Fans of Alfred Hitchcock were in for a treat when they packed the Grauman’s Chinese Theatre in Hollywood for a screening of his 1963 horror classic “The Birds.” The movie was being shown in honor of its 50th anniversary, and among the evening’s guests were two of its stars: Tippi Hedren who played the confident socialite Melanie Daniels, and Veronica Cartwright who had one of her earliest roles as Cathy Brenner. Much of the Q&A which preceded the movie, however, was directed at Hedren who talked about how she got cast in “The Birds” and of the overall effect Hitchcock ended up having on her career.
There has been this misconception about “The Birds” where many assumed it was filmed in black and white and not color. A lot of this had to do with people first watching the movie on their black and white television sets at home, and this understandably made the experience of watching it a bit different for them. Hedren reflected on what people have told her regarding this issue.
“I’ve had people say oh, I am so delighted that they colorized ‘The Birds,’ and I said uh no, we filmed it in color.’ And they said no, no, no, I saw it in black and white. Soon the argument kept growing, and I finally said no, you saw it on a black-and-white TV! And they went, yes’ Case closed” Hedren jokingly said.
Even today “The Birds” continues to pack movie houses all over the country and Hedren admitted she remains astonished at how it has a life of its own. She still does publicity for the film and talked of how it can still draw a crowd after so many years. Some of the other screenings she spoke of actually happened not long before this one.
“It took a little while for me to realize that this movie really has something that’s unique and powerful,” Hedren said. “We had a screening at a theater in Detroit, Michigan that sold out, and it didn’t have many seats in it. In Texas I was at a theater that was built in the 30s in El Paso, a beautiful, beautiful theater with 2500 seats, and there was a film festival there. Just before the screening of ‘The Birds,’ the director of the festival came to the stage and said ‘ladies and gentlemen, this theater has been sold out four times: once for ‘Gone with the Wind,’ ‘The Wizard of Oz,’ ‘E.T.’ and tonight ‘The Birds.’”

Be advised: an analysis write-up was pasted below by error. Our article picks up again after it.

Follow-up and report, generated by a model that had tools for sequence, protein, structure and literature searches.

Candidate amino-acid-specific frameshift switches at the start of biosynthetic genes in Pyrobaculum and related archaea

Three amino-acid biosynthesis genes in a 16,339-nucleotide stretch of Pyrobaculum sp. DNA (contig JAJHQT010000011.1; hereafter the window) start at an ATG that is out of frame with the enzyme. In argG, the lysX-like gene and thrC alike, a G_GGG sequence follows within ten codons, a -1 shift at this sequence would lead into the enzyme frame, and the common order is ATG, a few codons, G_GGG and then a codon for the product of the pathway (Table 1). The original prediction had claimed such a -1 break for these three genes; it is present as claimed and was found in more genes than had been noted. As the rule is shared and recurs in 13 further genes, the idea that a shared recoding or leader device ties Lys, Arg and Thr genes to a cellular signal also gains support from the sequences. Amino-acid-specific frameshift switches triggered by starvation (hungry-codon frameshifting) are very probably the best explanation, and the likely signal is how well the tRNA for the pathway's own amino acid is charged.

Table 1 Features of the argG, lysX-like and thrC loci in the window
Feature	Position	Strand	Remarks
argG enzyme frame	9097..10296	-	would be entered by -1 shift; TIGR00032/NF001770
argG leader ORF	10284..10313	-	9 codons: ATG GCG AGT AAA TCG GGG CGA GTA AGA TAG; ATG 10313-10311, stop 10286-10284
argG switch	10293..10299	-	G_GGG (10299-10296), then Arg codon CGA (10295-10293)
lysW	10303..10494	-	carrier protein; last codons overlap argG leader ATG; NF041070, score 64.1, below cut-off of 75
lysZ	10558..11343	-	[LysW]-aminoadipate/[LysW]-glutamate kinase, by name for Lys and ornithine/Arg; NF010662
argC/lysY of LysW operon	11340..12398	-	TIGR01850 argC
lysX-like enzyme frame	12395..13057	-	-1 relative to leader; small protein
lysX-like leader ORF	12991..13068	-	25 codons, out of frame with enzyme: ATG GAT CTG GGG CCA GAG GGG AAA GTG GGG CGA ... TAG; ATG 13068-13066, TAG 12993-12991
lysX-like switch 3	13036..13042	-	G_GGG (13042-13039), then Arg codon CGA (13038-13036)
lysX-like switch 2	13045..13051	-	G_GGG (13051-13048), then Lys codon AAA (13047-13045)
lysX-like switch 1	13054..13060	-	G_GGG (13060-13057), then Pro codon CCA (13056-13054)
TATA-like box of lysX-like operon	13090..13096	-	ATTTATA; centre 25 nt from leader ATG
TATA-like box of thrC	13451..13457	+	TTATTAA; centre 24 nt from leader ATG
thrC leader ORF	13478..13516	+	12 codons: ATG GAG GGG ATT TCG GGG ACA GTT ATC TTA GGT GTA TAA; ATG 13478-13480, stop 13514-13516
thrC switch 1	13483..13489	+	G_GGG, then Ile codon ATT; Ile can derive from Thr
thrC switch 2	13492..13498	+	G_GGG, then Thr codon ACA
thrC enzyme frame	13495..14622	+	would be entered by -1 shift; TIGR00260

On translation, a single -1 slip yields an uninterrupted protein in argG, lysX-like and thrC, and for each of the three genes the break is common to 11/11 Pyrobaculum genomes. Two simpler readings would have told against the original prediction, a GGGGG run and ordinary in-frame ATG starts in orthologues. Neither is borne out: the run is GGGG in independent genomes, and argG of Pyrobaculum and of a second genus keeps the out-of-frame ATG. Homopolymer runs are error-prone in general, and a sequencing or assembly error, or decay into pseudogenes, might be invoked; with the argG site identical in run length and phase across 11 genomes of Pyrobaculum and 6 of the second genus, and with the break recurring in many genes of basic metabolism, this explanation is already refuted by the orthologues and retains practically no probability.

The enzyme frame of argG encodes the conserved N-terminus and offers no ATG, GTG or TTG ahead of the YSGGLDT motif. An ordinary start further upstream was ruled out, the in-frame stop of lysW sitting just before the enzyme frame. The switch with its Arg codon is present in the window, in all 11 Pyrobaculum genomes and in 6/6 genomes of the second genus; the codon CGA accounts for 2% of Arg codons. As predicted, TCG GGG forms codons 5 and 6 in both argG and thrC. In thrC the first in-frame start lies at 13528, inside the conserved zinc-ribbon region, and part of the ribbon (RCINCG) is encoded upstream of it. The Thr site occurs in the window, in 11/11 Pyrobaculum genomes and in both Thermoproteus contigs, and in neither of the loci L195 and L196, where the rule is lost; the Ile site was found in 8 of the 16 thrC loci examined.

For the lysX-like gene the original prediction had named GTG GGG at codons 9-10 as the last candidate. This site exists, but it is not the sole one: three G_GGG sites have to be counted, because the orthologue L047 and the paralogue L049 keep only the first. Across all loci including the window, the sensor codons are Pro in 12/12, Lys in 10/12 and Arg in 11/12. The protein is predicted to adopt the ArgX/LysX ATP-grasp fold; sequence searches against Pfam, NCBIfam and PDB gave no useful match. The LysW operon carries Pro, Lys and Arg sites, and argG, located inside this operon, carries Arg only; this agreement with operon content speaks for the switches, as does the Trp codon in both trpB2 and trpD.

“The Birds” actually marked Hedren’s film debut as an actress, and she previously had a very successful career as a model which later led her to do commercials. Hitchcock saw Hedren in a diet soda commercial, and this led him to cast her in the movie. This opportunity came at a crucial time for Hedren as she had just moved back to Los Angeles with her daughter Melanie Griffith and was experiencing some problems.
“I rented a very expensive home in Westwood thinking I would continue my career as a fashion model and doing commercials, and it wasn’t working and I’m thinking okay, what do I do now? I don’t know how to type,” Hedren said. “Shortly after that on Friday the 13th of October 1961, I received a phone call from Universal asking if I was the girl in the diet soda commercial, and I said yes. So I was put through a four or five-day suspense thriller of who is the producer who was interested in me. Finally, I was asked to go to MCA, a big organization or agency, and it was there that the agent said, ‘Alfred Hitchcock wants to sign you to a contract. If you agree with the terms and sign it, we will promote you.’ So we went over to his office, and he (Hitchcock) opened the door and stood looking very pleased with himself. It literally changed my life.”